On Wednesday, I drove my younger son Sam and his friend Freya to see Mac DeMarco play at Vicar Street in Dublin.
If you don’t know who Mac DeMarco is, don’t worry, you won’t be alone. He is, in fact, a very talented and interesting musical artist who seems to have gathered the bulk of his following from younger twenty year olds and older teenagers. I think this is pretty remarkable in itself, given the general laid back, ‘almost jazzy’ feel to his work. Projecting a strong image of a warm but world-weary sensitive slacker, Mac has an admiring fan base among his demographic and not without very good reason.
Tickets for his single Dublin gig in the intimate Vicar Street setting were sold out from day one and were much pleaded-for and not found. I managed to get hold of two by being eagle-eyed on Twitter for quite a while. So, on Wednesday, off we went.
Sam and Freya went into the gig when doors opened at seven o’clock and got themselves a place two rows from the stage. I had a loose idea to try to get an extra ‘face-value’ ticket outside if I could and if I couldn’t I always had my car seat, my Kindle and my warm coat.
I had resolved to give it a half an hour outside the venue, to see what I could do about a ticket, but people tend to fascinate me, and at nine thirty, I was still there, wandering up and down the alleyway, chatting and smiling at anyone who seemed receptive to a chat or a smile and generally having my own rather odd version of a pretty good time. At half past nine on the dot, just as Mac was due to go on stage, I gained access to the show and had a really good time at the back, watching the gig. I don’t think I can tell you how I got in, as that isn’t really ‘blog material’. Next time we have a coffee, I’ll tell you.
But that’s not what I want to write about anyway.
I want to give a shout out to Jamie, who I met outside. Let me tell you about Jamie but, first, my mission.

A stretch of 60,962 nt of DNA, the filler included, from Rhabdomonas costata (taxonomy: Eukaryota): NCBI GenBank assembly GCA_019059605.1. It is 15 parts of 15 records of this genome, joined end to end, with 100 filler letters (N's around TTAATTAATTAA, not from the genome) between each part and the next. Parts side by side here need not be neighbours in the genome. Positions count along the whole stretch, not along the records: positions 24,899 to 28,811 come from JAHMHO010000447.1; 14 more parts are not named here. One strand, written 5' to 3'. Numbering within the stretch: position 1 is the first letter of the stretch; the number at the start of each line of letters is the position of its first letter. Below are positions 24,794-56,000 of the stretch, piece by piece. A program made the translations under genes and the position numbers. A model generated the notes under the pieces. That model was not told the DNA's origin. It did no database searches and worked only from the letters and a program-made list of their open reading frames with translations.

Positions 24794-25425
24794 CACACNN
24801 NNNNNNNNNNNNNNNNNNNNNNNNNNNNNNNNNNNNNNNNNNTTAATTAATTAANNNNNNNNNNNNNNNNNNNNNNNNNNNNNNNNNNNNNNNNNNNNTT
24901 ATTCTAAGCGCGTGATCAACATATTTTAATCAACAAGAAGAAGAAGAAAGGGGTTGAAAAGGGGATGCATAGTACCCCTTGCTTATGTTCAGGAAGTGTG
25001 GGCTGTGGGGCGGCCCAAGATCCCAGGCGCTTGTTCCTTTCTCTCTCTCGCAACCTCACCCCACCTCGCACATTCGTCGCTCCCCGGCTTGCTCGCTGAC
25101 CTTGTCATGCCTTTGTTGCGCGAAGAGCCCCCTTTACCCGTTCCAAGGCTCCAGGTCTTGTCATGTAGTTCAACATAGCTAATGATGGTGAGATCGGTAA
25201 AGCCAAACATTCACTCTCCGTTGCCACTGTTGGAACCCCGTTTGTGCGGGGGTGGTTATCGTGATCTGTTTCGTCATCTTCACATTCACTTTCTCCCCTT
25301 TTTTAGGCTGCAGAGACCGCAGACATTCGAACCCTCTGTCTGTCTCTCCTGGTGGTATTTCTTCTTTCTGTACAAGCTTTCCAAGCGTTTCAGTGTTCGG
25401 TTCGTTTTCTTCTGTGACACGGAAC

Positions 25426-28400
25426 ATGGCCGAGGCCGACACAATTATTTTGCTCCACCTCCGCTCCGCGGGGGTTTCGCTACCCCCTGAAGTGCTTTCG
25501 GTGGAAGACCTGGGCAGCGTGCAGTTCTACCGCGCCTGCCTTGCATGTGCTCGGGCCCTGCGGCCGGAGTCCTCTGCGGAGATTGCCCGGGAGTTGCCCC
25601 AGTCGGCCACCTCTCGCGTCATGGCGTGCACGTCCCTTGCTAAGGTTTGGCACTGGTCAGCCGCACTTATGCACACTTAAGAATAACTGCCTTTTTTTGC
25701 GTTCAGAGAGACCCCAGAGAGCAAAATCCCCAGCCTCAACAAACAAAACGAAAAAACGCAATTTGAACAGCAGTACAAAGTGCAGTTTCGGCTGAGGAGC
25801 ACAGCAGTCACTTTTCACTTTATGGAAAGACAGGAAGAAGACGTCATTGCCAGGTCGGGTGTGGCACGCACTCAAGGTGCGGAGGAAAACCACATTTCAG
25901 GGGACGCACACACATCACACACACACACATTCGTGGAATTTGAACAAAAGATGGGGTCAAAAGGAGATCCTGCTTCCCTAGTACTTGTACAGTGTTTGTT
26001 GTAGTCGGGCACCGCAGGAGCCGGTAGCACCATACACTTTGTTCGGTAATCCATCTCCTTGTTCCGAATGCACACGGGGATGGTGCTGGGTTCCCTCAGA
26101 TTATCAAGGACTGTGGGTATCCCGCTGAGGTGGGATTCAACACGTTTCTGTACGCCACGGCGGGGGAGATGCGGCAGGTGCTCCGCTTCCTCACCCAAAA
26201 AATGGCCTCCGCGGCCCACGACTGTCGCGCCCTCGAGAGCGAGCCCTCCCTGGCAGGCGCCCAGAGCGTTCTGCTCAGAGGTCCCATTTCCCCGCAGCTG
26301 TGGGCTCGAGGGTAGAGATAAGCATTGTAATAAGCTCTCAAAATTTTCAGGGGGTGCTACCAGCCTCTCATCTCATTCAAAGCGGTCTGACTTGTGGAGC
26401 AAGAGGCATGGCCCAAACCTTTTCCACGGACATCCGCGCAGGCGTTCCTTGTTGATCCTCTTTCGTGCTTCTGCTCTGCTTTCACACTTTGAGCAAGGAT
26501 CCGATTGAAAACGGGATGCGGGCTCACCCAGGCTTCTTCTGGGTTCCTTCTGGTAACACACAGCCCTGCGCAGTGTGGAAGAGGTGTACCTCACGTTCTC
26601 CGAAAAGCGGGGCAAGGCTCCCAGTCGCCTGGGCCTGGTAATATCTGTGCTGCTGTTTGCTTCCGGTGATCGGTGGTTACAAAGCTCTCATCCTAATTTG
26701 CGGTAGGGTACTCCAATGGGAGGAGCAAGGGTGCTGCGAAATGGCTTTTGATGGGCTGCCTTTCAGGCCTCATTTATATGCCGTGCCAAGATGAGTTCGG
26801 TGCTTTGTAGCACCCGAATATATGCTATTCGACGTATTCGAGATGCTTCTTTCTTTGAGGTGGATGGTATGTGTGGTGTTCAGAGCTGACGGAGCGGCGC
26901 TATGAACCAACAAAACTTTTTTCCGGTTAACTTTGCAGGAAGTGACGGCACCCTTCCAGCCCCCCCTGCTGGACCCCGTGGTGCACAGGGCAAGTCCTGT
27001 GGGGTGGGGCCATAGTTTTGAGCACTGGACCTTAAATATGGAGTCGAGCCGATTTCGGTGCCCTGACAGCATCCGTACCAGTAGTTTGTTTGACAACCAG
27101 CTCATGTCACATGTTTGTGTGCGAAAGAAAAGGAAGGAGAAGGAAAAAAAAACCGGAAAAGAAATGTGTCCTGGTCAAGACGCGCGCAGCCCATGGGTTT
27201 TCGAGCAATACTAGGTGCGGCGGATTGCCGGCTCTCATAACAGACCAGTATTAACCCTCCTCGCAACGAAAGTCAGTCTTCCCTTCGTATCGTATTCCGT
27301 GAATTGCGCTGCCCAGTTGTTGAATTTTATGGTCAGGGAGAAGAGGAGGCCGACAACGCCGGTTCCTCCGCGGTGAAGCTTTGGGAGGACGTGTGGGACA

I had a mission, you see. Sam was very keen to get on stage to drum with Mac DeMarco and his band and so he drew up an A3 sheet with a plea that had been carefully written out in his lucky Death Grips marker. I also thought that a hand delivered note, dropped in at the stage door, might appeal to Mac’s famous sense of live improvisation and general mischief. So Sam also drafted a card, in which he placed a one euro coin with a note which said ‘this is a bribe’. My mission was to drop this note in at the stage door. Nothing to it.
Except there was something to it. The stage door at Vicar Street is not a stage door at all but rather is a stage steel double gate securing a yard where the band’s transport park securely. The gate was locked shut and nobody was manning it. There was nobody to give Sam’s note to.
I would have given up quite soon if it wasn’t for Jamie. As I said, this is a shout out to him. Jamie was the only other person apart from me at the locked steel gates. Less than fifty yards from the pre-concert throng, there was just Jamie and me, waiting, assessing the situation, and getting completely drenched in some of the worst rain that Dublin had seen all year.
Jamie was a tall thin guy with an evident passion for his music. Jamie was on his own mission too. He had arrived at the steel gates at three o’clock that afternoon and had been waiting ever since for Mac DeMarco, who he greatly admired. He had no ticket for the show and no money to buy one. All he wanted was for Mac to sign his guitar. The second signature that would appear there, if he could only get it.